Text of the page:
The Government's £200 million scheme to match-fund philanthropic donations to universities could hit difficulties if too many institutions decide to adopt the "high-risk, higher-return" approach, experts warned this week.
The Department for Innovation, Universities and Skills announced last month that its scheme to encourage universities to raise more money through donations will operate in three tiers.
For universities that join the first tier, donations will be matched pound for pound, but only up to a relatively low maximum funding limit, expected to be in the region of £100,000. In the second tier, with a higher limit, the Government will pay £1 for every £2 raised, and in the top, higher-risk tier, the Government will pay £1 for every £3 raised, up to a limit expected to be about £5 million.
The limits for each tier have not been set because institutions have until the end of June to nominate their preferred tier before the scheme begins operation in August.
But experts warned this week that a rush by universities to join the higher tiers could reduce the size of the pot available, holding back the most successful fund-raisers, and that universities without a tradition of fundraising would be unable to raise the cash required to deliver the Government's payoff.
It had been expected that institutions without a strong fundraising tradition would choose the lowest tier, with most opting for the second tier and only a handful of the best fundraisers opting for the third. But experts say that everyone appears to be aiming higher than had originally been planned.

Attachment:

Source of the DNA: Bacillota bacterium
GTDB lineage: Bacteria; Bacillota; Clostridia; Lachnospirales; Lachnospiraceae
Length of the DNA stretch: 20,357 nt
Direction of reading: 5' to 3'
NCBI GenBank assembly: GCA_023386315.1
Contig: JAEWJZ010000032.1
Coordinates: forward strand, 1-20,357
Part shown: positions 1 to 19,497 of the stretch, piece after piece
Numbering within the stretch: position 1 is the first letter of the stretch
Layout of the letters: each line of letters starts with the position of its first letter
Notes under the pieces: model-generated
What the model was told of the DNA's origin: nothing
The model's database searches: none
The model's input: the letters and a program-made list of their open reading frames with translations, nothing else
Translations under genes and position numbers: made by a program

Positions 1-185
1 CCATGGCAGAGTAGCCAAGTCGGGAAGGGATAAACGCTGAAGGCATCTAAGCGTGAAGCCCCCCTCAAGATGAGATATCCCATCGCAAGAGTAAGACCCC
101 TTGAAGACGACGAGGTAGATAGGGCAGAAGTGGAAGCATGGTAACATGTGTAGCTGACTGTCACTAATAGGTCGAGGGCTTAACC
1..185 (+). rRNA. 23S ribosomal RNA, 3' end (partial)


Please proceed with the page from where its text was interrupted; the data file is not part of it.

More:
"It is a general feeling across the sector," said Joanna Motion from the Council for Advancement and Support of Education, which provides training in fundraising to universities. "The whole conversation that has gone on about matched funding over time has steadily raised universities' confidence and aspirations. The risk is that institutions don't do well enough to achieve the match."
One member of the Ross Group of top fundraising institutions said: "It does appear that there are more institutions interested in top tiers than we might have expected ... which could lower the caps available for those tiers."
Both experts said it was excellent for the scheme's overall success that institutions were being ambitious about the philanthropic funding they thought they could attract.
Commenting on whether institutions without a strong fundraising background would be opting for the second tier, Les Ebdon, the vice-chancellor of the University of Bedfordshire and chairman of the think-tank Million+, which represents post-1992 universities, said institutions were playing their cards close to their chest at the moment.